Performance Problems

As riders and owners there are times when you may ask yourself,

"Does My Horse  Have a Problem or Experiencing Discomfort?"

If in doubt get your horse checked out. If there is nothing wrong with your horse, there is no charge.

 

     TIMES WHEN YOU SHOULD GET YOUR HORSE CHECKED OUT

  • after the winter months when there is lots of mud. Due to mud, horses walk in a different way which puts strain on there body, especially the back and shoulder muscles.

  • after a period of lameness due to a stone bruise or joint pain/strain.

  • after an accident, even if the horse appears normal. In some cases it can take a few weeks before symptoms surface.

  • when your horse looses its cover in the paddock and straps are broken or is found with cover around the neck.

  • after major dental work or when the teeth are sharp or jaw has been out of alignment.

  • under a badly fitting saddle.

  • at the end of the season before you turn the horse out. Insures that the horse is pain free and can have a good holiday.

  • when the ground is hard a horse can jar up and become sore in the muscles.

      VISUAL SIGNS

  • nervous look in the eye, or a look of pain.

  • unusual behaviour.

  • suddenley difficult to catch. 

  • rub marks from the saddle

  • cannot put on weight, (pain or digestion problem)

  • loss of condition, (pain).

  • temperment change.

  • weight loss - this may be a restriction in the poll or jaw.

  • swelling on the back and withers after riding.

  • rub marks on the hair at the back of the saddle, especially in the winter,(saddle may be too wide and rocking around on the back). 

    STANDING

  • resting the same leg all the time.

  • does your horse snarl and lay back his ears when he sees you coming with your favourite saddle ?

  • standing with the feet out the front and out the back.

  • when urinating, one back leg when stretching out behind or weight on the toe not the heel.

  • biting when the girth is done up - (check the saddle fit)

  • difficulty doing a belly lift, (thoracic lift, run pen under the tummy to see if the back will lift up.

  • muscle tying up problems.

  • difficulty picking up a back leg - (also check selenium levels)

     

    IN MOTION

  • starts out stiff and frees up with movement.

  • difficulty walking up and down hills, (Check saddle fit and that gullet place is secure).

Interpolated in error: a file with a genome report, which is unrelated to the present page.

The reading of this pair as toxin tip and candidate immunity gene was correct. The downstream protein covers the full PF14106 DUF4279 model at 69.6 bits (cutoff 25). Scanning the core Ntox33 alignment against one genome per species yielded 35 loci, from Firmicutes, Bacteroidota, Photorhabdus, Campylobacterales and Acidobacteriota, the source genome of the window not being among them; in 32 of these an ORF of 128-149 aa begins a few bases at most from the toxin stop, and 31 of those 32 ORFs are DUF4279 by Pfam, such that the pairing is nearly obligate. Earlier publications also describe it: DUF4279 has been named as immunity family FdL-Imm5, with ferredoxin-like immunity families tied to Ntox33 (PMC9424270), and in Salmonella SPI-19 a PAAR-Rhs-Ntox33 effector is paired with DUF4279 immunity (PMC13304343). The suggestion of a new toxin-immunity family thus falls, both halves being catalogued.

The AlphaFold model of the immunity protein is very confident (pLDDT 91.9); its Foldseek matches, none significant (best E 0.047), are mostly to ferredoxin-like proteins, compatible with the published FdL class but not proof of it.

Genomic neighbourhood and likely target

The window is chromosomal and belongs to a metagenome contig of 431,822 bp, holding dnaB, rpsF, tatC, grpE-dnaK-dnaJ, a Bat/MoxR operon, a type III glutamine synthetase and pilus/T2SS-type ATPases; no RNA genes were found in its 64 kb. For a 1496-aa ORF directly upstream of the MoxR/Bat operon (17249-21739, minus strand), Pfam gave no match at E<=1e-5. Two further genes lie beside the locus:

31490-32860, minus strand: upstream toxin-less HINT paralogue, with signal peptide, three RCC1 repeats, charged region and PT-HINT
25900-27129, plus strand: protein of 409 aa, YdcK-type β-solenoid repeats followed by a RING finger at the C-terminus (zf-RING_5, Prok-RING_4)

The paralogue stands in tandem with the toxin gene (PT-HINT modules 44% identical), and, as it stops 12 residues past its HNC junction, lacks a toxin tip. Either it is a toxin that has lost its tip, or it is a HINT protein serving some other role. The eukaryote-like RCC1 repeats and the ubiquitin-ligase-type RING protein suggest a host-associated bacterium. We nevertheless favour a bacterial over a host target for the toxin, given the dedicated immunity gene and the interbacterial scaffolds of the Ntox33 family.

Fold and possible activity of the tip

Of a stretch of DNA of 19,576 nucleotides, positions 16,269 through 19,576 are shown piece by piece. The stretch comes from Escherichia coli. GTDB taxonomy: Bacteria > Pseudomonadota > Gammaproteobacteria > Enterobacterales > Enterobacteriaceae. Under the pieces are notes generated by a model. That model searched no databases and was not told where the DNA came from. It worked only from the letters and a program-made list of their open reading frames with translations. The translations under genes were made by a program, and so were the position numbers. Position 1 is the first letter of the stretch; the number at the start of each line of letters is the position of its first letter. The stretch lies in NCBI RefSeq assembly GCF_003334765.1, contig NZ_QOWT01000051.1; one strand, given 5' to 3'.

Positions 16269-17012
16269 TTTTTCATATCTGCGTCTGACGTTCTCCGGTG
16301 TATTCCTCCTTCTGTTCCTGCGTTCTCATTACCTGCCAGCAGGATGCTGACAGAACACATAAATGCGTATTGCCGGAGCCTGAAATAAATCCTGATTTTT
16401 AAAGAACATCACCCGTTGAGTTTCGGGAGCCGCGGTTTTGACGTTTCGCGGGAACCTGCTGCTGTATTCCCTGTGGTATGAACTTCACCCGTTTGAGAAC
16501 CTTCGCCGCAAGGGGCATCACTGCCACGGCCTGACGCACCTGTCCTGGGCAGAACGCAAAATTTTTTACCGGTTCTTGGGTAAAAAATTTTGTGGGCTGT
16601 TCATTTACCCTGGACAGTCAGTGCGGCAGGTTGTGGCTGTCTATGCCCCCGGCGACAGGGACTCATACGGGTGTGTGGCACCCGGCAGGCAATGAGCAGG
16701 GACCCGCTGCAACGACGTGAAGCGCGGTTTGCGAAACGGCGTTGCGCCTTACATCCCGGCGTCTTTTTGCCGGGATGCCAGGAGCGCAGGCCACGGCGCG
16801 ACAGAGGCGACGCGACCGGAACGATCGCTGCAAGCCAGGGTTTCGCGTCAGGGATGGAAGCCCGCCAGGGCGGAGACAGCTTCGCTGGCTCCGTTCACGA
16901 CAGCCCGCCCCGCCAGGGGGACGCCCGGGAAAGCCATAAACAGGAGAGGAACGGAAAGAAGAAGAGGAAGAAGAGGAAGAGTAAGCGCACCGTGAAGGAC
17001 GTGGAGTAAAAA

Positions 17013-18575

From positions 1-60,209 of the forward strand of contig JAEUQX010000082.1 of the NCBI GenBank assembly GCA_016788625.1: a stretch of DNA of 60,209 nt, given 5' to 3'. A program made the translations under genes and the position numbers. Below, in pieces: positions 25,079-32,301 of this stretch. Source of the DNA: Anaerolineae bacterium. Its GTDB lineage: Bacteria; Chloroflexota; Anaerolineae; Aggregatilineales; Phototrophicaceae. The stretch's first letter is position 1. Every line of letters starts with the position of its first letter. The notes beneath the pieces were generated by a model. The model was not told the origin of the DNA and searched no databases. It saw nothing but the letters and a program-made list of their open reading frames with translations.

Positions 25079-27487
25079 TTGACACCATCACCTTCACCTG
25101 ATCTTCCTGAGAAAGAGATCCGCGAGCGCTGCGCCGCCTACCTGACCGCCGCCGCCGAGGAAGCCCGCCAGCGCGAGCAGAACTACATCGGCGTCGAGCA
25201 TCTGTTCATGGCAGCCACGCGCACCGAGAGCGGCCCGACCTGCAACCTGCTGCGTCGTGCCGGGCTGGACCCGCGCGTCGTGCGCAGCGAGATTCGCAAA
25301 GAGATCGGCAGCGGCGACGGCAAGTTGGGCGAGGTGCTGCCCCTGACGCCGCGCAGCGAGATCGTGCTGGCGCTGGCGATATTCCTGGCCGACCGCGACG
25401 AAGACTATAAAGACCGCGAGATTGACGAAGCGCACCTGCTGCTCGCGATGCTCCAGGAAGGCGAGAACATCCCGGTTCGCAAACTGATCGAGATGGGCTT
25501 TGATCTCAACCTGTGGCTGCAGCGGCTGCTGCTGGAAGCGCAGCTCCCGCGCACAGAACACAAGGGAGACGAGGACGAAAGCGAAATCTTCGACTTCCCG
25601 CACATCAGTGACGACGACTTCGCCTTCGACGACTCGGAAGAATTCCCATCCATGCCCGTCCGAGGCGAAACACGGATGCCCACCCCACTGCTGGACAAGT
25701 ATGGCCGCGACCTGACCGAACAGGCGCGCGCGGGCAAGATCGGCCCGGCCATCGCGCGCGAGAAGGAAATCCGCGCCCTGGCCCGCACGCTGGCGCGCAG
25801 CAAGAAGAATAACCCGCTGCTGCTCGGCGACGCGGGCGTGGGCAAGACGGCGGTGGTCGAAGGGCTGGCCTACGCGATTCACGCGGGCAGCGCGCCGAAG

• shaking the withers - (check the saddle and cover fit)

  • bucking, (spring grass or pain).

  • rearing or doing half rears and spinning in a circle.

  • coming behind and above the bit.

  • feeling like you are not sitting straight in the saddle.

  • stumbling in front and behind.

  • reluctant to back up or cannot back up, (check for stifle pain)

  • head tilting - (check the teeth).

  • difficulty bending in one direction or at all.

  • changing leads behind in canter especially on a circle,(pelvis or inside hindleg pain, shoeing levels out).

  • not wanting to pick up the correct canter lead.

  • wanting to go with a low head carriage most of the time.

  • going on the forehand.

  • hollowing the back when riding or a cold back.

  • not going forward, especially on one rein.

  • lameness.

  • uneven gait or shortened stride.

  • problem lengthening and shortening of stride.

  • falling in on a circle, (tight inside back muscles).

  • falling outwards on a circle.

  • jaw tension, munching on the bit - (check the teeth).

  • not rolling in the paddock or not rolling all the way over.

  • have a high head carriage or an over developed ewe neck. The head raises in order to hollow his sore back.

  • over reach or strike the heels with his hind shoes.

  • starts his ride calmly but becomes agitated as ride proceeds.

  • resists flexion to one or both sides, as the saddle panels are too close to his spine.

  • cold backed, back sinks when mounting.

  • does not want to pick up canter leads both ways.

  • stretching front legs out in front when saddled or girthed.

    JUMPING

  • jumping flat.

  • refusing or running out.

  • jumping with the head up.